Symantec Takes Heat For Changing Adware Advice

A noted antivirus researcher takes the well-known antivirus company to task for its changing adware definitions. Symantec, meanwhile, claims the high road. (Courtesy: TechWeb)

March 4, 2006

4 Min Read
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Symantec's out-of-court settlement with an adware maker is a loss for users, an anti-spyware researcher said this week.

Friday, Feb. 24, the Cupertino, Calif. security company announced that it had dismissed its lawsuit against browser and e-mail toolbar maker, Inc. Last June, Symantec filed a zero-dollar suit against the New York company, saying then that it was seeking a legal ruling that would affirm the position that Hotbar's programs "are indeed adware and can be treated as computer security risks."

Under the new arrangement struck with Hotbar, Symantec has agreed to dismiss the lawsuit but will still classify the company's software as "adware."

Symantec called it a victory.

"What we got out of this was peace from these guys," said Joy Cartun, Symantec's senior director of legal affairs. "We didn't change our detection, so in that way we won."Hotbar, which had hounded Symantec with at least five litigation threats in the first half of 2005, is now blocked from any further action, said Cartun. "We get them to go away, but without having to make a change in our detection of them [as adware]."

Hotbar's chief executive, however, was convinced that he had won. "Both sides now recognize that our application is disclosing its behavior," said Oren Dobronsky. "We've gained that recognition, so that when users scan for spyware, they don't get some kind of alert and by default, then remove it."

Symantec acknowledged that although its security software will continue to detect Hotbar's products as adware, it has changed the recommendation it gives to customers. Previously, Symantec recommended that users delete Hotbar; now, says Symantec, it's reclassified Hotbar's toolbars as "low-risk" and recommends that users ignore the software and let it be.

"We're telling users what it is, and assisting them to make a choice [whether to keep or remove Hotbar]," argued Symantec's Cartun. She also claimed that Symantec had been thinking of making the change long before Hotbar started complaining.

"The change was driven not by Hotbar, but from what we learned what our customers wanted. They wanted guidance," she said. "The change was on a totally independent track [from the lawsuit]."Noted anti-spyware researcher Ben Edelman isn't buying that. By backing down on its recommendation from delete to ignore, said Edelman, Symantec's not serving its customers.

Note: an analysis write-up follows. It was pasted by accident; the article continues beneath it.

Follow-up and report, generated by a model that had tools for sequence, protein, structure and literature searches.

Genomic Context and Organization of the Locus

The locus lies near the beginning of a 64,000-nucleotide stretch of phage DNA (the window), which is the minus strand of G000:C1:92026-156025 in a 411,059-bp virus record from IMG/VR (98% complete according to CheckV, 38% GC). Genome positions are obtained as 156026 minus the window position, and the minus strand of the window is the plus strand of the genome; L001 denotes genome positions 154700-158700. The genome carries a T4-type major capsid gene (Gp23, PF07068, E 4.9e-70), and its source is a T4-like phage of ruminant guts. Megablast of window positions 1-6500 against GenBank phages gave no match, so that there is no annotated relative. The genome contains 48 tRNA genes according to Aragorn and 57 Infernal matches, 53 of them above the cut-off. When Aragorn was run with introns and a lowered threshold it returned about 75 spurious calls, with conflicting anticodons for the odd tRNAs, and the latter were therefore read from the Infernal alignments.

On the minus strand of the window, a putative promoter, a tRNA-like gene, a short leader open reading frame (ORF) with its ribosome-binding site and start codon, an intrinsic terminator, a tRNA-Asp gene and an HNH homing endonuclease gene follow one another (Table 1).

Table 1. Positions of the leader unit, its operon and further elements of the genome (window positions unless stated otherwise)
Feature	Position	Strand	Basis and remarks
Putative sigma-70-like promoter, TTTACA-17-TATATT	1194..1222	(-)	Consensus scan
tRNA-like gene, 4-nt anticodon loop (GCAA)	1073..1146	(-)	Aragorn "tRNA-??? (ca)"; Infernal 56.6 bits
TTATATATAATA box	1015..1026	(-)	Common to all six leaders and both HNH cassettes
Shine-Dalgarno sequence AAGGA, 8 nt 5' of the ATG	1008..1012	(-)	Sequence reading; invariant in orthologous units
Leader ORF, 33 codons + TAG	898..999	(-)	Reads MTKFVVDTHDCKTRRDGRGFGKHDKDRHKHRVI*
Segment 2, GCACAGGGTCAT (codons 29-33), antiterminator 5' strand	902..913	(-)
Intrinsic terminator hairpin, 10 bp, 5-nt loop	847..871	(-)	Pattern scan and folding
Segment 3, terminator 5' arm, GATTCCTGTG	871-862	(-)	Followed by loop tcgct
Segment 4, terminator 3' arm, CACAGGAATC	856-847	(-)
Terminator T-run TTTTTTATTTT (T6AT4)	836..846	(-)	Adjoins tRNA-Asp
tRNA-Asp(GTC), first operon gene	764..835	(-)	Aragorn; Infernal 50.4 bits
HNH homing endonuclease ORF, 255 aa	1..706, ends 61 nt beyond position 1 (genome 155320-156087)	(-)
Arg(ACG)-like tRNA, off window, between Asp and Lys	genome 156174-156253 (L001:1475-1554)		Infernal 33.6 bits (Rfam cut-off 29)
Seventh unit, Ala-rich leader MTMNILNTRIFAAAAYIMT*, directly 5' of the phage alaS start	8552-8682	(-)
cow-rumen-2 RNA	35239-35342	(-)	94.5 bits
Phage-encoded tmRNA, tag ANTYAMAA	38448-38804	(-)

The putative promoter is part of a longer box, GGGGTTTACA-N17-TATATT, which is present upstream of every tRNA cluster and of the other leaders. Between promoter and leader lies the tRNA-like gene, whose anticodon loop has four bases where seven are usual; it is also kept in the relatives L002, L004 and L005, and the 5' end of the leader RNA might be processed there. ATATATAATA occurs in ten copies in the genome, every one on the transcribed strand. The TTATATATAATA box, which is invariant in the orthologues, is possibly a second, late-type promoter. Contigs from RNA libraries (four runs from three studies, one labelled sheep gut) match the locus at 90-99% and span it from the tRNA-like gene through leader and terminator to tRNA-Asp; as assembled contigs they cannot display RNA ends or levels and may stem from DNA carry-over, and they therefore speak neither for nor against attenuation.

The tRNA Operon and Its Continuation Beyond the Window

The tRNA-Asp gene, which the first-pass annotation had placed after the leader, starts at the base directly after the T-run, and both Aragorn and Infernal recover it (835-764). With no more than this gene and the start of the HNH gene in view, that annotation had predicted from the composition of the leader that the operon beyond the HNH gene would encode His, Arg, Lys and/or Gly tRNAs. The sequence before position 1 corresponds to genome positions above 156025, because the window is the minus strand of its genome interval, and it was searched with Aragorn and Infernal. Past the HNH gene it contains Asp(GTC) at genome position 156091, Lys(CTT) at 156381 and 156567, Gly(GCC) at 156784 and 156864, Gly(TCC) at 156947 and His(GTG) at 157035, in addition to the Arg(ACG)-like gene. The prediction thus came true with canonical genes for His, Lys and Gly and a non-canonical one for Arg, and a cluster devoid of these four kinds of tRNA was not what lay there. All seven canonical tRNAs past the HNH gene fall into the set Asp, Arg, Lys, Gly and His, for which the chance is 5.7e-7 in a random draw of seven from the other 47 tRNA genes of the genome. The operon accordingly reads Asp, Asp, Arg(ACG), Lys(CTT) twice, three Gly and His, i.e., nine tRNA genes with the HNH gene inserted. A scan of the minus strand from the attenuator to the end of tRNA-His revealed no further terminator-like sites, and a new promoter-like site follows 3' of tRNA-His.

"If I was an IT guy paying Symantec to defend my computers, I'd ask 'what are we paying them for, I still see Hotbar on a user's computer,'" said Edelman. "Something's gone wrong at Symantec."

This isn't the first time that an anti-spyware maker has backed off from a vendor. A year ago, Microsoft quietly changed the advice it gave users on programs supplied by Claria, one of the largest adware purveyors. The resulting storm in the press and by bloggers forced Microsoft to issue an open letter to customers explaining why it made the changes.

Symantec's move is more of the same, said Edelman.

"They just don't get it. Whether software gets consent from users to install isn't the only thing they should be looking at." He questioned whether users of Hotbar understood they would get pop-up, pop-under, and auto-opening ads when they consented to the installation, and criticized the company for targeting kids with come-ons to download and install their toolbars."Children may be less able to assess the merits of an Hotbar offer," Edelman wrote on his Web site in an analysis of Hotbar done last May. "[They're ] less able to determine whether Hotbar software is a good value, less likely to realize the privacy and other consequences of installing such software, less inclined to examine a lengthy license agreement."

Symantec and other security vendors claiming to sniff out adware and spyware should take factors like those into account, Edelman told TechWeb.

"Unfortunately, this isn't the kind of analysis that comes naturally to security experts," he said. "They're used to thinking of worms as all bad, and they're not in a position to shift gears to more subjective decisions."

Still, Edelman's hopeful, if not because of the Symantec dismissal, then because of the general trend he sees shaping up.

"What's interesting is how much things have changed since last spring. Then, there were new letters going out to anti-spyware companies every week. That's stopped as far as we know."Why? I think the legal merits have sunk in, and that adware makers know they don't have a leg to stand on."

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